I Am Not The Mo You’re Looking For

Customer: “Are you the leather repair guy?”

Me: “That would be Rok — he’s one of the owners, and he works out of our main store during the week.”

Customer: “Well, I’ve got a leather jacket with a tear in the sleeve.”

Me: “I’m sure Rok can take care of that. Here’s a card with the store’s contact info, if you’d like to give him a call…”

Customer: “It’s a $500 jacket. I got it in Daytona during Bike Week. And see, I was walking along, and it got caught on a signpost and tore right up the side.”

Me: “That is unfortunate, but Rok can definitely fix it. If you’ll just call the number on the card…”

Customer: “I gave my number to the guy working in the big store the other day, and he said he’d have the leather repair guy call me. Was that Rok? Blonde hair, about yea tall?”

Me: “That was Nuke, but since you gave him your number, he’ll pass it on to Rok and have him call you to schedule the work.”

Customer: “But how will I know if he calls? I normally don’t answer the phone, on account of the creditors.”

Me: “You… can compare the number on your caller ID to the number on this card, and if it’s the same, you’ll know it’s Rok calling about your jacket.”

Customer: “…”

Me: “…”

Customer: “…”

Me: “…”

Customer: “OH! Okay! I’ll do that!”

I wanted to tell him to think about paying off some debt before spending any money on leather refurbishment, but I figured that would necessitate way more ellipses than I typically keep on my person.

Do I get a tiara? Because I’m not lifting a goddamned finger without a tiara.

The Misfits are having their monthly business meeting.

President: “So now we need to elect a run captain for GLUE Weekend. This person will be responsible for overseeing the various committees and–”

Everyone Else: “THOMAS.”

President: “Okay, we’ve got a nomination. Does anyone second the–”

Everyone Else: “SECOND.”

President: “All in f–”

Everyone Else: “AYE.”

The Misfits pivot as one to bask in the radiant authority of the chosen sacrifice. In the distance, a wolf howls.

Me: “Balls.”


Looks like it’s time to up the psych meds and I guess buy a planner or something. Pray for me.

PS: I am deadly serious about the fucking tiara.

In Which I Had to Promise Not to Execute Any More Heretics

[A tangential conversation between myself and my sponsor, which occurred while we were working on a Fourth Step.]

Sponsor: “I’ve been to three yoga classes in the past two days.”

Me: “Just out of curiosity, have you ever looked into yoga teaching certification?”

Sponsor: “I have, and I’ve figured out how much money I would need in the bank in order to quit my job and pursue it.”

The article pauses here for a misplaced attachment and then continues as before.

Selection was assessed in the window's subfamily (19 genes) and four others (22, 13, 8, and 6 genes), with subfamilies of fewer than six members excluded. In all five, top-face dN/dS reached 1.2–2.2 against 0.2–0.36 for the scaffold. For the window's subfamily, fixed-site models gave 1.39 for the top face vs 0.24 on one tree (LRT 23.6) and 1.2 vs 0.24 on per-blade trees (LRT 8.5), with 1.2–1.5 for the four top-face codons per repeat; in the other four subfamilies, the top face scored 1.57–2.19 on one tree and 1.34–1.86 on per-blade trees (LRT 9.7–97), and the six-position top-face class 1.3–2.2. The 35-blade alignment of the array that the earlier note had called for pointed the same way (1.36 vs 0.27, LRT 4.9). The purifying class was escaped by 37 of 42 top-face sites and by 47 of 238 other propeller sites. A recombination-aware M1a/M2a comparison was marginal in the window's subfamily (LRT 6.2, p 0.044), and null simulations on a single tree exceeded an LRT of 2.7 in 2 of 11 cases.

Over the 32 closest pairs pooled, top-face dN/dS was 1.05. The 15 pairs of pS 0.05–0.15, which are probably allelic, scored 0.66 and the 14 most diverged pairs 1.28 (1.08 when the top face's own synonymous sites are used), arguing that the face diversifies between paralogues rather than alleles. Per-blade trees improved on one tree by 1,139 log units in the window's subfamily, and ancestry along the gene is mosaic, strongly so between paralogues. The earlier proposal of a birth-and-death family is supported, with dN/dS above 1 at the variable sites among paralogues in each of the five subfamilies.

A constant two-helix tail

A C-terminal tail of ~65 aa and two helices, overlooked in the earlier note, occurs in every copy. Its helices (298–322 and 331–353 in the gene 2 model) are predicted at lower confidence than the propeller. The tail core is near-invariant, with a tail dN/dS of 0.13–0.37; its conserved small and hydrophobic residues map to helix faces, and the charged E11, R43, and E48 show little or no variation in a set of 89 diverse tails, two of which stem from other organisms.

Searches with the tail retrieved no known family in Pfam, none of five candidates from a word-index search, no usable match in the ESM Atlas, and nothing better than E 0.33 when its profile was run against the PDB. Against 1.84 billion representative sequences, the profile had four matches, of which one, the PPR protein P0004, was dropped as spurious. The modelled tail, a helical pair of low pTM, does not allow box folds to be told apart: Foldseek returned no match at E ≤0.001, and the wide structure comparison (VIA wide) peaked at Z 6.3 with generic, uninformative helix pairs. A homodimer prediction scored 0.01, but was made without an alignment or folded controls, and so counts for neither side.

Me: “You’ve really thought this through, huh?”

Sponsor: “Yup. My dream is to wake up every day and just do yoga and go fishing.”

Me: “Hmmm. Maybe I should quit my job and follow my dreams, too.”

Sponsor: “What, like starting your own Pagan religion?”

Me: “Oh, that’s already on my ‘Harms Done’ list.”

Sponsor: “…”

And then I told him about the Proto-Lithuanian Unicorn Cult, and he stopped blinking for like five minutes. Considering he knows more about me than my parents, my ex, and the Misfits combined, the fact that I’m still able to render him speechless is pretty impressive.

Body Dysmorphia for Pity and Profit

My regular Sunday shift was crazy slow because of the Super Bowl, so Carlisle and I spent most of it lounging about and instructing Scrappy on the rules of gin rummy. Eventually, though, a pair of customers traipsed in, one of whom muttered, “We have got to stop shopping when we’re drunk.”

Momentarily blinded by Tex Avery dollar signs, I turned towards the approximate direction of their voices and asked how I might be of service.

Customer 1: “I like this shirt. Do you have it in a fat size?”

Me: “Well, I’ve got an extra large–”

Customer 1: “Not that fat.”

Me: “… and a large.”

Customer 1: “Ugh. I’ll never fit in a large.”

Scrappy: “Why not? It’s very slimming.”

[awkward silence]

And here’s where our Scrappy learned an important lesson about interpersonal communication in the gay community. When a gay man calls himself fat, he is not making an objective statement, but rather trolling for flattery. Ergo, the response he expects is vehement denial (“OMG, you are so not fat! You are as svelte as the wily ferret, you 90-pound supermodel, you!”), not cheerful agreement.